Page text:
The banking industry operating model is broken and needs dramatic reinvention for banks to survive in the longer term.
The clear parallels
As we look at the banking industry operating model today, it looks similar to that of the airline industry in the late 1980s. The entire business value chain proprietary owned and operated by the airlines themselves, including non-core functions, such as ticketing, luggage handling, ground services and catering etc. This model resulted in little to no recurring investment in the non-core functions that were considered low value, cost centres. In reality, these functions were instead subject to continuous cost challenge without investment. This approach did little for client experience, operational efficiency and risk management. Morale of the staff who had the thankless task of managing and maintaining service continuity in these functions was extremely low (sound familiar?). Further, this model distracted investment and management focus from delivering differentiation in the airline’s core proposition. The outcome – poor quality services, customer dissatisfaction and consistent failure to deliver on a strategic return on equity; and in some cases business failure.
Thankfully with the benefit of hindsight, we can also look to the airline industry for the solution – adoption of a supply chain model. Integration into an eco-system of specialist providers/strategic business partners providing non-core services and functions. By developing standardised services on multi-tenanted platforms to multiple airlines, these specialist providers were able to achieve utility scale and the platform investment not possible for a single airline operator. In turn, this allowed the airlines to focus on differentiation of proposition. The outcome – improved cost income ratios, better quality support services and enhanced customer experiences, resulting in improved returns on equity.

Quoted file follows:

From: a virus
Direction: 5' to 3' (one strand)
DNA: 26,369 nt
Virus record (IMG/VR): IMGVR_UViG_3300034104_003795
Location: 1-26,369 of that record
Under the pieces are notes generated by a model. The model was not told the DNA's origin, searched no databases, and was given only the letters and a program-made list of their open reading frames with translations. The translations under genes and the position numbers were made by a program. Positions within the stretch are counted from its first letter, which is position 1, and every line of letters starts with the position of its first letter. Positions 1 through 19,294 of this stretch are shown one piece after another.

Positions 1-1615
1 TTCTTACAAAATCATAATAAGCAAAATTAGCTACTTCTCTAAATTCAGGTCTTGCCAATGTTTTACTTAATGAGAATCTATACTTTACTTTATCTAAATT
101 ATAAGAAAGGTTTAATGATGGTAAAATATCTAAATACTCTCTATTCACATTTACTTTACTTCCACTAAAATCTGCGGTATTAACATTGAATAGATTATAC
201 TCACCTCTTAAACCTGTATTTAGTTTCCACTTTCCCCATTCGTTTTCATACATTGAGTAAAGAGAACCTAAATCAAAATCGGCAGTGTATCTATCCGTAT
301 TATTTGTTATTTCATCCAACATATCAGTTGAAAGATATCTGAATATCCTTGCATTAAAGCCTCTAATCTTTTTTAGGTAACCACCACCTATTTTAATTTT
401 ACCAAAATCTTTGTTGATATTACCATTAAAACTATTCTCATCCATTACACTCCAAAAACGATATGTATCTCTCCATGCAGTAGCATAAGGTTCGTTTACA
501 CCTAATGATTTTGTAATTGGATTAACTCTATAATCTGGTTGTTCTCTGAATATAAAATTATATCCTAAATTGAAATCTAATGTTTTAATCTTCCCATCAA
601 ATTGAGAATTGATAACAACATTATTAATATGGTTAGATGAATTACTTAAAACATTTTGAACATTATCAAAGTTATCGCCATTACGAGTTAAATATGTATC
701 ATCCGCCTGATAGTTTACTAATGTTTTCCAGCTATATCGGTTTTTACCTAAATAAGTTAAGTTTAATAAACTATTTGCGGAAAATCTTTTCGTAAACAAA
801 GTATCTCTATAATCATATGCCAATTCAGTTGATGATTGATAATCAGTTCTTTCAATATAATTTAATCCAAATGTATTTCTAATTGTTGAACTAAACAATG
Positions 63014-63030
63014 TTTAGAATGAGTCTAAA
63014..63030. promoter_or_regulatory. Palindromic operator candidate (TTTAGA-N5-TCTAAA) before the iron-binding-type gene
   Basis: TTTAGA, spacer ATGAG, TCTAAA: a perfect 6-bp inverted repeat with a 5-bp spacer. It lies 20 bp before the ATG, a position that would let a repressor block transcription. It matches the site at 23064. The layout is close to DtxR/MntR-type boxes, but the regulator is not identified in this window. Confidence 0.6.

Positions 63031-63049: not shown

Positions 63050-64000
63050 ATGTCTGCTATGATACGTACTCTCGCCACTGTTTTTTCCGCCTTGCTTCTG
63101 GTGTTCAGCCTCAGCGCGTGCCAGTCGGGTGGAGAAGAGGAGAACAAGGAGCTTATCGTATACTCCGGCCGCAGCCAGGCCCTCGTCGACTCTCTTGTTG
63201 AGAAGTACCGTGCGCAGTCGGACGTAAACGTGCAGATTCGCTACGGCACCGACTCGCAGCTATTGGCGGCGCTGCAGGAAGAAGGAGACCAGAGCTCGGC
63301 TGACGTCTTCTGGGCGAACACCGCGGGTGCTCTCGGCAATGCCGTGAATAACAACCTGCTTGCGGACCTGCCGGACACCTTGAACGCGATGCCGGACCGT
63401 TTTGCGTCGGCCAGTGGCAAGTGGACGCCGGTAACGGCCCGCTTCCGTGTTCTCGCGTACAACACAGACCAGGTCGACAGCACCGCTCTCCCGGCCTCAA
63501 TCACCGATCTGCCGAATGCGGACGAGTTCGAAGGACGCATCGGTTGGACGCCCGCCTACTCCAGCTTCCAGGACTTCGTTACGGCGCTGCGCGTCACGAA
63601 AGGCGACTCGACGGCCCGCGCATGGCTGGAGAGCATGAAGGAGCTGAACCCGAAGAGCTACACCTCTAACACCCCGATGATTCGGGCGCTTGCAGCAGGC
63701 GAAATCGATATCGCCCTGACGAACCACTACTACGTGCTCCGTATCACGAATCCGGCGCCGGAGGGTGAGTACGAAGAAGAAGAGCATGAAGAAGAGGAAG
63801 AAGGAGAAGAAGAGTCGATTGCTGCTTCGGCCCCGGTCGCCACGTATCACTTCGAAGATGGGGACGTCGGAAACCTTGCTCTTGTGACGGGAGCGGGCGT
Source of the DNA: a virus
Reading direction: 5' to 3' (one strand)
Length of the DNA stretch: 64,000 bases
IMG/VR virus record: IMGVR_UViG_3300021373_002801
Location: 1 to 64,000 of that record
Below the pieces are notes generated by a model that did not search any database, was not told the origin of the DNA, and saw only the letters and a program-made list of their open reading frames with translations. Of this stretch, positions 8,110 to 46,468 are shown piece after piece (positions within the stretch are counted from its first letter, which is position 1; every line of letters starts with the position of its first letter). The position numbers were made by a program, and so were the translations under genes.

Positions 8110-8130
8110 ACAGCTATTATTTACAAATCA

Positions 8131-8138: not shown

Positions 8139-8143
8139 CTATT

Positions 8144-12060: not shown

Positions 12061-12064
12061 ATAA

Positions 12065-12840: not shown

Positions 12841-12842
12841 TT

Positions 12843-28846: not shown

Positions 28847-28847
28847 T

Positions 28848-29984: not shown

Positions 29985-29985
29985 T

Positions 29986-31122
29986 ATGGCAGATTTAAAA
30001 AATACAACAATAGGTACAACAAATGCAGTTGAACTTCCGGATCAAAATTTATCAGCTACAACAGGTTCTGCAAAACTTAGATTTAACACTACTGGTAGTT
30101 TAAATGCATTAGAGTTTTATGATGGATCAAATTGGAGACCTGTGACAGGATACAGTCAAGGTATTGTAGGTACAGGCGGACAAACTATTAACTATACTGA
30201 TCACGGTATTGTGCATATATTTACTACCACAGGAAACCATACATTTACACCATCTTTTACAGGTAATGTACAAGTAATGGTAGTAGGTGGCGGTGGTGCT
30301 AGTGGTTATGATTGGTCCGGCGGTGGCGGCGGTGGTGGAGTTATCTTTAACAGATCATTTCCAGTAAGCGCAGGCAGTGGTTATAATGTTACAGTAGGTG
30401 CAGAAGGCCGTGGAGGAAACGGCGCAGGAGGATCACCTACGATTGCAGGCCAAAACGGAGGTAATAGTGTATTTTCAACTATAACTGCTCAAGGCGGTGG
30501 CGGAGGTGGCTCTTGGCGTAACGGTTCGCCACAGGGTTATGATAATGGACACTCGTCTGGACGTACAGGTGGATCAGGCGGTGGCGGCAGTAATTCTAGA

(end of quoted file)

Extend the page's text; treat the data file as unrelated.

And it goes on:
However, despite these clear lessons, and banking industry executives agreement on the topic, industry body research and advice from leading strategic advisory firms over the years – the industry still remains lethargic and little action has been taken.